b) process the waste for leftover uranium, plutonium, and other useful materials that have industrial use [currently NOT being done in any significant amount, for NIMBY reasons probably]

              c) store the remainder in places that won't let it into the water table [the USA actually has a lot of places like this], ideally in a way that could utilize the remaining heat like some kind of geothermal energy

              So "difficult", I'd agree with, but not "nightmare". it can be done. If it weren't for the "NIMBY-ites" basically preventing ANY place from storing radioactive material, though... THAT is "the nightmare" if any exists.

              radiation exposure is all about time, distance, and shielding. Transporting properly marked and shielded containers shoudn't pose a problem, really, except for people doing the transport, and they can monitor exposure.

              /me spent 4 years on a nuclear sub, and received LESS RADIATION underway than I would have standing on the surface of the earth [at sea level, even] over the same period of time, because of the iron hull of the boat, the depth of the water, and proper shielding around the constantly operating reactor.

          4. bombastic bob Silver badge
            Unhappy

            Re: @TheVogon ... How about both?: Rising sea levels and nuke use

            " the US hasn't built a nuclear plant in years. Its abdication of fusion research to the EU... the list goes on..."

            Sad, yeah.

          5. TheVogon

            Re: @TheVogon ... How about both?: Rising sea levels and nuke use

            Germany also announced just a month ago that they are phasing out all coal power stations.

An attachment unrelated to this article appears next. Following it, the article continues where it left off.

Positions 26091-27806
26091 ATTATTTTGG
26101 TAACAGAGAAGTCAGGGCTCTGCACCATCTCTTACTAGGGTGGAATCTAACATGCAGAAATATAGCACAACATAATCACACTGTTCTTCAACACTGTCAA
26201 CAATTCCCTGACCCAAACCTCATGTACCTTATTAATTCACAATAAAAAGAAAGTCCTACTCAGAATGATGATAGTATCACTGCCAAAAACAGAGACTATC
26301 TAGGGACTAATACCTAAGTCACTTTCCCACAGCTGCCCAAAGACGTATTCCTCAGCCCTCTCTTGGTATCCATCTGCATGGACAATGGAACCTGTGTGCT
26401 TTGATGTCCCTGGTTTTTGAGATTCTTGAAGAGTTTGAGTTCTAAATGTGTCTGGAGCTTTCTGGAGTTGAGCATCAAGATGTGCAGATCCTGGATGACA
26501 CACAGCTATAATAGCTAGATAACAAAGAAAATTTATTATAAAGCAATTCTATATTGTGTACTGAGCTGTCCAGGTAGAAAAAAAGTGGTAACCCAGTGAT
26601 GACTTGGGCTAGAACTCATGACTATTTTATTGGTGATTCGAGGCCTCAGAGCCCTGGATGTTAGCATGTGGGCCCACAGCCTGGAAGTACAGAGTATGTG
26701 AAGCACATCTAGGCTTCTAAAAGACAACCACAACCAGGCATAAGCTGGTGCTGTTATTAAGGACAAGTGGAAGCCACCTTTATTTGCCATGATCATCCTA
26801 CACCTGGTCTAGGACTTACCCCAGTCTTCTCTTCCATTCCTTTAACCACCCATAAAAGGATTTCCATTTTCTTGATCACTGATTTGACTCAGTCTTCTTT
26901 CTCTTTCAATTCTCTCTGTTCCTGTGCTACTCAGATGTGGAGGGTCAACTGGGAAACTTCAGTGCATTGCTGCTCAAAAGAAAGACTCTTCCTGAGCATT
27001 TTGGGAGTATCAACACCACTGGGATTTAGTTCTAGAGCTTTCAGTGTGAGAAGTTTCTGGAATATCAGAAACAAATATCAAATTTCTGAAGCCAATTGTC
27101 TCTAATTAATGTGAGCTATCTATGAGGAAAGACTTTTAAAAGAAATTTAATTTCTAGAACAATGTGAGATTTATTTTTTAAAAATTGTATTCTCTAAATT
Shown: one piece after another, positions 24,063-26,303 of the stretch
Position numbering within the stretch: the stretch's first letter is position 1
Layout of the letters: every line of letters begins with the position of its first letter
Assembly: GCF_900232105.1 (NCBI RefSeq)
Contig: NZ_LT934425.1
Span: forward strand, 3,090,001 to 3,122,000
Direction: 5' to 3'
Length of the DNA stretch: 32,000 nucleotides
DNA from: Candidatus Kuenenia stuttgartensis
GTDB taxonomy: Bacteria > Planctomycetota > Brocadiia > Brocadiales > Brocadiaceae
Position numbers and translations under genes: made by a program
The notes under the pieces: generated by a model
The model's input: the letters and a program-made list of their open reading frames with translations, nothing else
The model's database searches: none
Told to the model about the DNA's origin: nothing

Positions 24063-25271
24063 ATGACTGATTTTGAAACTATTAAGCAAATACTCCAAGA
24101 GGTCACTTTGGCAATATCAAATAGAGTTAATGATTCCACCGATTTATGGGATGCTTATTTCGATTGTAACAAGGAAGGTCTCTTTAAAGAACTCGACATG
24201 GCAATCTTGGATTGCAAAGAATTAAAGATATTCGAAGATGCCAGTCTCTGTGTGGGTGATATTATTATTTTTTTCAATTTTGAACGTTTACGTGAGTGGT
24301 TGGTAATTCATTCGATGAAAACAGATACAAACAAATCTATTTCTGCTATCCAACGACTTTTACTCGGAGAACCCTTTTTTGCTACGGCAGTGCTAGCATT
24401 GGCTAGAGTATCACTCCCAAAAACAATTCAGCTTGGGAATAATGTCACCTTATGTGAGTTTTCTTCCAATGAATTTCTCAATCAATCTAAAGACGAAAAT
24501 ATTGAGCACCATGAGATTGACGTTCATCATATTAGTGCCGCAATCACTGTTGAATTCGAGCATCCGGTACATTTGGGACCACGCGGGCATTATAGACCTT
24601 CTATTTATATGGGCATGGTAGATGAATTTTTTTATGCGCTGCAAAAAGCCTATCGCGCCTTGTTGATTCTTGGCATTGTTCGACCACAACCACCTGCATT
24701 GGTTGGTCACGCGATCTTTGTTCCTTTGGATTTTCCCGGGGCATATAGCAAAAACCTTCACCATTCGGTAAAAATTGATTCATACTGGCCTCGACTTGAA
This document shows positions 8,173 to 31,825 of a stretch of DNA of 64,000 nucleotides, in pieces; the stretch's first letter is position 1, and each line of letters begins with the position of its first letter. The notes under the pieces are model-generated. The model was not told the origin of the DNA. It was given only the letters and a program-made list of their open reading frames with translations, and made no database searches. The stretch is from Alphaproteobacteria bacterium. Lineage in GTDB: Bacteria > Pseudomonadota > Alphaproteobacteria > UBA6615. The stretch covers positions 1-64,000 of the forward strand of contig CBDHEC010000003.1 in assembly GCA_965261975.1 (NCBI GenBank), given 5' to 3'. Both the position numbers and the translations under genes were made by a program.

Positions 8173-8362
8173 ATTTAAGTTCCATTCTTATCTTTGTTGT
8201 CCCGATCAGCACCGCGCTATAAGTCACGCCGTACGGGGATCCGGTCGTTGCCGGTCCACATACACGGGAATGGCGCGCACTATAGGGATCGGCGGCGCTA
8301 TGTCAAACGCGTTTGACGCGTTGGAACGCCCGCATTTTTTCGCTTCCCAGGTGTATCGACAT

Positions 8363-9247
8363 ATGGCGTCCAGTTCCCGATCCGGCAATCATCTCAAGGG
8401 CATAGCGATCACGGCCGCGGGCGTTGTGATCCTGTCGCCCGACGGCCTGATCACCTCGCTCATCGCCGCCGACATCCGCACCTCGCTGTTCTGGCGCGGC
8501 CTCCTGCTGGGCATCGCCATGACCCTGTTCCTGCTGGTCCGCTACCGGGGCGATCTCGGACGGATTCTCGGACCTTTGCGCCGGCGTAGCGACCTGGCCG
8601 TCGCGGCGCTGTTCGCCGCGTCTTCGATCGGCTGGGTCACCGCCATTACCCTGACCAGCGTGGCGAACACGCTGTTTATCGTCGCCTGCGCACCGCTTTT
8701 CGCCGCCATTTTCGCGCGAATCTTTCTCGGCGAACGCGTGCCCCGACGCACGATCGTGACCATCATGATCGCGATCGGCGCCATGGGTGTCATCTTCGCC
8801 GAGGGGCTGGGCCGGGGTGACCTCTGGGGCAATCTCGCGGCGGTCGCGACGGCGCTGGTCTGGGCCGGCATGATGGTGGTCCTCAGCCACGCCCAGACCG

Nuclear is way more expensive per KWh than new solar and wind installations and plants require vast upfront capital investment and take many years to build. This is largely why global renewable generating capacity is already about 4 times that of nuclear at ~ > 2400GW.

          6. strum

            Re: @TheVogon ... How about both?: Rising sea levels and nuke use

            >there are ways to build safe latest gen nuclear plants

            There have always been 'ways to build safe nuclear plants'. Problem is - they cost too much, so there will always be shareholders who don't mind cutting safety corners to boost profits.

            Note that UK/US has had no ban on nukes - they haven't built them because they make no economic sense.

        2. Jellied Eel Silver badge

          Re: How about both?: Rising sea levels and nuke use

          Well no we are already drastically reducing reliance on that. Just for example of 50% of the UK's power generation capacity is now from renewables.

          Sometimes. Like the latest bank holiday proclaimed as a 'coal free' weekend, and carefully ignores gas generation. Which is cheaper than 'renewables', and necessary for those regular occurences when there's too little (or too much) wind, and of course when it's dark.

          Germany's slowly coming to the same conclusion given the cost of subsidising their 'renewables' industry, and they're not really at much risk of tsunamis*

          Well yes, the UK cancelled a planned new nuclear plant because new off shore wind power is about half the cost per KW/h